A ship landed on the other planet, and then took off again, and Cheng Xin insisted on visiting to see if it was Yun Tianming. She went with Guan Yifan on his ship. There was no sign of anyone on the planet, and but there were some black pillars, which Guan Yifan explained were regions where the speed of light was almost zero, created when a ship used curvature propulsion to accelerate to light speed almost instantaneously. Curvature propulsion produced regions of slow light speed behind it, just as the soap-boat produced low-surface tension behind it. Thus, a symmetrical fleet of ships accelerating to light speed could create a black domain. Her choice to save humanity from the (possible) destruction of war by ceasing research into curvature propulsion had, in fact, doomed it to destruction by two dimensions.

Guan Yifan explained to her that almost all physical constants could be weaponized in some form like this. Life in the universe kept the location of its worlds a closely guarded secret. He explained that the average speed of light in the universe was gradually slowing down due to the use of curvature propulsion, just like soap boats eventually come to a stop because the soap eventually spreads out over the entire surface of the water make the entire area low-tension. Perhaps the primordial universe had the full ten dimensions, instead of seven of them being wrapped into a tiny space, but weaponization of dimensions had reduced them. However, Cheng Xin was glad to know that both humanity and the Trisolarans had not died out and still had civilizations.

They were traveling back to the first planet, when Yun Tianming arrived. His arrival disturbed the fragile black pillars, which quickly expanded to engulf the entire system. However, because Cheng Xin and Guan Yifan were traveling faster than the new light speed, they ended up at light speed, causing severe time dilation. Also, the computer on their ship stopped working, because the speed of light was now dozens of kilometers per second, which was too slow for computation. Guan Yifan’s ship had been built with precautions, and he was able to boot up a neural computer specially built for the purpose, but it would take twelve days. Although they would only experience two days, Yun Tianming and AA would experience much longer; they would certainly be dead. Fortunately, Cheng Xin was falling in love with Guan Yifan due to his help in getting her into a life-support suit when life-support failed as a result of the computer failing.

When they finally made it to the planet and landed, they discovered that that almost 19 million years had passed. There was no sign of humans or a shuttle, or anything. A deep scan of the planet revealed a partially extant message carved into the rock in large letters, saying that Yun Tianming and AA had had a happy life, and recommending that they “survive the collapse inside”. Perhaps they had children, perhaps even an entire civilization; perhaps not, it was impossible to know. A strange door appeared, and they went in.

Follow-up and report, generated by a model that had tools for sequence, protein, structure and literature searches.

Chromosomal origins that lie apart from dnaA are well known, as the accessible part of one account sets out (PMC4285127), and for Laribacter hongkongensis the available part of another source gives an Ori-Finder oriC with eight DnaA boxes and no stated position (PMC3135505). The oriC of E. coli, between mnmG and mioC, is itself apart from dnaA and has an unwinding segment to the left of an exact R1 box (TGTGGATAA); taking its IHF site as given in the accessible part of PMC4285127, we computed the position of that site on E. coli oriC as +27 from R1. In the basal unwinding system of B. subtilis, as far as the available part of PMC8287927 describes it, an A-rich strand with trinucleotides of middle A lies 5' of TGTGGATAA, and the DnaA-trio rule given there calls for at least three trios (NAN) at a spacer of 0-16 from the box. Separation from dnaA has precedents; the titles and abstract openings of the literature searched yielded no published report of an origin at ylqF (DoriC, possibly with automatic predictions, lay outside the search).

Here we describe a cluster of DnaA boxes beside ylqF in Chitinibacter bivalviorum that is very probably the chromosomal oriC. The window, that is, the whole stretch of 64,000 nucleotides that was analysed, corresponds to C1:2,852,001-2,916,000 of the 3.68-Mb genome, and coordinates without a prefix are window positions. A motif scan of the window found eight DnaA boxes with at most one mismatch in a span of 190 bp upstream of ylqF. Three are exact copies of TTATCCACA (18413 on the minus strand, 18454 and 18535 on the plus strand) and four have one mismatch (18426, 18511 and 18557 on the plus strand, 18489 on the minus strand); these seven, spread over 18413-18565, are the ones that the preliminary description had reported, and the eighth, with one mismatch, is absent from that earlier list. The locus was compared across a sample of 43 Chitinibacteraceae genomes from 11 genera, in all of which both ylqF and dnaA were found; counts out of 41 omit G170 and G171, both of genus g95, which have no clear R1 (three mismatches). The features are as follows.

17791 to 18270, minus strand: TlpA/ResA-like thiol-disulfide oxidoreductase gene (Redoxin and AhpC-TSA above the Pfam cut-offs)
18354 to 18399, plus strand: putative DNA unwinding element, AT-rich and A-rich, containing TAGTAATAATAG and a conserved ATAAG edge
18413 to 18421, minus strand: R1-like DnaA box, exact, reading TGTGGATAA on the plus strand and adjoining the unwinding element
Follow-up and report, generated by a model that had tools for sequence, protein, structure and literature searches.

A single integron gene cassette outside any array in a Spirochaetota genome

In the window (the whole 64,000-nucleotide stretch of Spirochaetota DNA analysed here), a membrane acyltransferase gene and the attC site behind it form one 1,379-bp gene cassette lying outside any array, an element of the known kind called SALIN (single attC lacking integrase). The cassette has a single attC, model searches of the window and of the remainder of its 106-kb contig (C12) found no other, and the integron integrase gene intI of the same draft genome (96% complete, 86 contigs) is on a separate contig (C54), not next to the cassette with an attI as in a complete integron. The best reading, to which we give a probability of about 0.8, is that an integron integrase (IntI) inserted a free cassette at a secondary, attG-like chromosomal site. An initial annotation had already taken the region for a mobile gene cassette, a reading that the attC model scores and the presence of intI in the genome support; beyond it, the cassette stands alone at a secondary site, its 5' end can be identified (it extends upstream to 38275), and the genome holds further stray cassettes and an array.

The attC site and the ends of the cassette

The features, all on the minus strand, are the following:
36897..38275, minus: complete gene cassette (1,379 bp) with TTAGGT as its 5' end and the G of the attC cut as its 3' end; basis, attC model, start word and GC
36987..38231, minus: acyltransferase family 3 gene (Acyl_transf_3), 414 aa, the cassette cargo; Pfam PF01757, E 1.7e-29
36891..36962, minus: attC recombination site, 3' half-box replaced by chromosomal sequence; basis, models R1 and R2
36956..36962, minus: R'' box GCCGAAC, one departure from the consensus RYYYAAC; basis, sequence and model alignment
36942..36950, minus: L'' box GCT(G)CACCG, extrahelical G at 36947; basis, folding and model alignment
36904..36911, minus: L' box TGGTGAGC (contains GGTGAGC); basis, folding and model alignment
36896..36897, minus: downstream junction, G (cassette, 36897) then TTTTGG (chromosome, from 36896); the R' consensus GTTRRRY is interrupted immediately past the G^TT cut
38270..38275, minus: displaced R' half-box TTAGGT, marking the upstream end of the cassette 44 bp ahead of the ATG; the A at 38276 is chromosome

Inside they found a house, and Sophon, who told them that Yun Tianming had commissioned an extra-dimensional space for her, which existed outside the universe. From its safety they could survive the collapse of the universe, which since time passed differently, they would live to experience. They learned to read Trisolaran and studied the principles of their universe (both being scientists). They wondered what the new universe born after the collapse of the current “great universe” would be like. Perhaps time would be multi-dimensional—one could make multiple decisions simultaneously, and certainly one of those choices would be right. After a two years (their time), they received a broadcast transmission from the great universe, broadcasting to all the mini-universes, in 1.57 million languages (including Earth and Trisolaran, indicating that some of each race had survived in their arks). The message was from the Returners, a race that wanted the universe to collapse so it could be reborn fresh again. They had discovered that the great universe had very close to the mass necessary to collapse, but the mini universes had removed enough mass that it would no longer collapse. The message requested that the mini universe return the mass back to the great universe.

Cheng Xin insisted that they return their mass, even though enough time had passed that Sophon could only find a barely habitable planet. Cheng Xin, as she always had, that concern for others is what makes them human. So they deconstructed their universe. The only thing Cheng Xin left to survive into the new universe was her memoirs, and a closed terrarium of two fishes and some algae.

Death’s End is indeed the exploration of ideas that I had hoped The Dark Forest would be. Liu Cixin describes multiple time periods with various situations and extrapolates how humanity reacts. These range from the failure of deterrence due to humanity’s concern for other life, to the beginnings of Trisolaran colonization and how humanity deals with lack of resources, to the success and flourishing of the Bunker Plan and its space habitations, to the failure of the plan and the destruction of humanity, and even to a plan for surviving the death of the universe. These different ages are well fleshed-out, and are a realistic and interesting exploration of the ideas.